I’ll never forget the summer I spent in Japan. I was 19, working as a day camp counselor on an American military base and had the entire beautiful, mysterious and eccentric country at my fingertips. Everything about Japan, from the culture, to the food and history struck a chord with me, and I still think about it almost every day.
I came back from that summer abroad with many memories, new experiences and stories to share…as well as 8 extra pounds on my body! 8 pounds on a 5’2 person is…a lot. I looked like a little marshmallow! 8O
And Gyoza. Tons and TONS of chewy, savory, incredible Gyoza!
Commonly called “pot stickers” in Chinese cuisine, Gyoza typically consist of ground meat and vegetables which are crimped and sealed in a dough that is much thinner than pot stickers. In Japan, they’re usually served in “rows” of five and have a thin, chewy outside with a crispy, crunchy bottom. Aka, they’re one of the best things on earth.
Japan was on my mind nearly every day after I left – Gyoza’s included – and I knew that recreating them at home would not only satisfy my cravings, but it would also take me back, if only for a little while, to the best summer of my life. After some searching and testing, this is the closest thing I’ve found to replicating the enticing Gyoza that I enjoyed so much during those unforgettable months in Japan.
Japanese Pork Gyoza
Makes 30 gyoza
1 cup cabbage (or coleslaw mix)
1 Tablespoon soy sauce
2 green onions, sliced
2/3 lb pork (could use ground turkey or chicken)
30 wonton wrappers
1. If coleslaw shreds are longer than 1/2 inch, chop them up with a knife or kitchen scissors.
2. Whisk egg and soy sauce, then add with the green onion to the cabbage. Stir to combine. Add pork and incorporate with hands.
3. Open wonton package and cover with a wet paper towel that has been wrung out, so they will not become dry and hard.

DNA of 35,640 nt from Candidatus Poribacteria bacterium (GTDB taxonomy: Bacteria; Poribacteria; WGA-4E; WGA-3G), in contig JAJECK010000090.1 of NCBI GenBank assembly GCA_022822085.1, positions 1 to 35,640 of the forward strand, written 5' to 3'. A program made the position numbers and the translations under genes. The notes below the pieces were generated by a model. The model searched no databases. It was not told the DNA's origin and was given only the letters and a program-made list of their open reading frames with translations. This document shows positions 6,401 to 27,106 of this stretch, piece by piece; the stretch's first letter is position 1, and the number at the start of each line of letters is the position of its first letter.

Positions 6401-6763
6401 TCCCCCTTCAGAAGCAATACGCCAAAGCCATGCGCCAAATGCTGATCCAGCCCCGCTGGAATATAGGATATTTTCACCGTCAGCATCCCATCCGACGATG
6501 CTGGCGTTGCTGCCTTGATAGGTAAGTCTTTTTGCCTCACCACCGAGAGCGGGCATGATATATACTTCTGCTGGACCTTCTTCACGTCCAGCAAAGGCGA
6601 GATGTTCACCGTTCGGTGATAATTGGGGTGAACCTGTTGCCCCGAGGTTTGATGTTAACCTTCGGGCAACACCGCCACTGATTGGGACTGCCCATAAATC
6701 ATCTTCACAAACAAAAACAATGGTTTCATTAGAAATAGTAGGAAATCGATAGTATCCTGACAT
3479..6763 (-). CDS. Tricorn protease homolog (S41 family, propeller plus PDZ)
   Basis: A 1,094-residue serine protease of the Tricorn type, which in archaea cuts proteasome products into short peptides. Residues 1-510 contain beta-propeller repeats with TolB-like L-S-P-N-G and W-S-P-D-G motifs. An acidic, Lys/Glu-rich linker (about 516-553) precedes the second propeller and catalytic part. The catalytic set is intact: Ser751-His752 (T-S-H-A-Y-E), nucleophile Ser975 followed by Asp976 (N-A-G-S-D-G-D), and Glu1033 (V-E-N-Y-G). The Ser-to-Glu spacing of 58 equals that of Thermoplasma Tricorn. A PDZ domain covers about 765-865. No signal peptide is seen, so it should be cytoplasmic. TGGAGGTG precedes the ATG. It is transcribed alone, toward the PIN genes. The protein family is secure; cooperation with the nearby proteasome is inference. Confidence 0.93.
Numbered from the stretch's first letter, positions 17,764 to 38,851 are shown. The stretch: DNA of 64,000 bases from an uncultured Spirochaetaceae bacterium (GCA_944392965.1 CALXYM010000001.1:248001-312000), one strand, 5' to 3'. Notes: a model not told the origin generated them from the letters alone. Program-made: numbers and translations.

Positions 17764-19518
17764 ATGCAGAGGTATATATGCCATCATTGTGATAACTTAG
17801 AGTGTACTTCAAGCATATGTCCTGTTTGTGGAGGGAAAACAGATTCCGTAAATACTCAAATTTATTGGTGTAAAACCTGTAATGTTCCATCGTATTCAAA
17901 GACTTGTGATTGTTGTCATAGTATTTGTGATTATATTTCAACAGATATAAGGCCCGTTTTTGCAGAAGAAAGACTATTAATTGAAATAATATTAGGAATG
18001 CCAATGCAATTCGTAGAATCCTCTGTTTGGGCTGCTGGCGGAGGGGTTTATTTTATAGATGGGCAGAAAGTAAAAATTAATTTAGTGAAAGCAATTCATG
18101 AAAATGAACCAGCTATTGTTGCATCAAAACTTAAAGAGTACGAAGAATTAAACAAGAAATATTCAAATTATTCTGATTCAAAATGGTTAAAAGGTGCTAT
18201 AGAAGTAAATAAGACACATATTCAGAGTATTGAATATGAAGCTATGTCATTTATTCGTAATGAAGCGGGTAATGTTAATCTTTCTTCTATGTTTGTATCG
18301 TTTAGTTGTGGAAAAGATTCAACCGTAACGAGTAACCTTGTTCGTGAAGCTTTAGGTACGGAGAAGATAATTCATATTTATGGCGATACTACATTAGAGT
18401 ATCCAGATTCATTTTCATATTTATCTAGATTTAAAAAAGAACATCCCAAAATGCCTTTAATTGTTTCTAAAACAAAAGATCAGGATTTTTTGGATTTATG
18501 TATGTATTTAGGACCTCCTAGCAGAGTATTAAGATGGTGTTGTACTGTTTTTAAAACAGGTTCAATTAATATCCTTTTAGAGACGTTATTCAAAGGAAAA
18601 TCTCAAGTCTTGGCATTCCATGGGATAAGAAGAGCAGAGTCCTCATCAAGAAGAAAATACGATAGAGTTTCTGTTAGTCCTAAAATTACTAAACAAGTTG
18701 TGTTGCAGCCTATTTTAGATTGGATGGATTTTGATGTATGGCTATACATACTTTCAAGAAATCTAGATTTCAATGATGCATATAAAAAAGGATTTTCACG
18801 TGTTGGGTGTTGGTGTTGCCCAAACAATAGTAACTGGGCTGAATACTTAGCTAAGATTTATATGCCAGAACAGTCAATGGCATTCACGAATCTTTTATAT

4. Working in batches, lay wonton wrappers on a clean, dry surface and spoon 1 tablespoon of pork filling into the middle of the wrappers.
(a cookie scooper works really well!)
5. Using your finger and some water, wet two sides of the wonton wrappers.
6. Fold the wrapper over and press down firmly to seal, making sure to press out any excess air from around the filling.
7. Line a cookie sheet with wax paper and lightly press the Gyoza down, creating a flat bottom so they stand up straight.
At this point, you can either freeze the Gyoza on the cookie sheet and transfer to a freezer bag once frozen through, or move forward with cooking them!
1. Heat 1 tablespoon vegetable oil in a skillet over medium heat.
2. Line the Gyoza up in the pan, making sure not to crowd them, and pan-fry for 2-3 minutes or until the bottoms are crisp and golden brown.
3. Add 1/3 cup water to the skillet and immediately place a lid on top. Steam for 2-3 minutes, or until the wrapper becomes transparent.
4. Remove the lid and allow the remaining water to evaporate and the bottoms to crisp back up. Shake the pan occasionally, or use a spatula, to make sure they are not sticking to the bottom of the skillet.
Enjoy with your favorite dipping sauce!
One taste of these Gyoza instantly takes me back to a tiny table in a crowded little Japanese restaurant. It makes my heart ache!
The chewy wrapper, crunchy bottom and salty filling are indescribable. It’s more than an appetizer, eating these is an experience!
I prefer to dip my Gyoza in plain soy sauce. Simple is best, I think, so you can really taste the filling. It’s only made up of 5 ingredients, but they all work together so incredibly well!
Make this recipe – nay, double it! You’ll want a stash of these to eat whenever you feel like it. They cook the same straight out of the freezer as they do fresh. How convenient is that?!
Until I make my way back to the country that has me so smitten, these will absolutely do – while they last. They certainly go fast! :D
Have you ever been somewhere, or gone through an experience, that changed your life?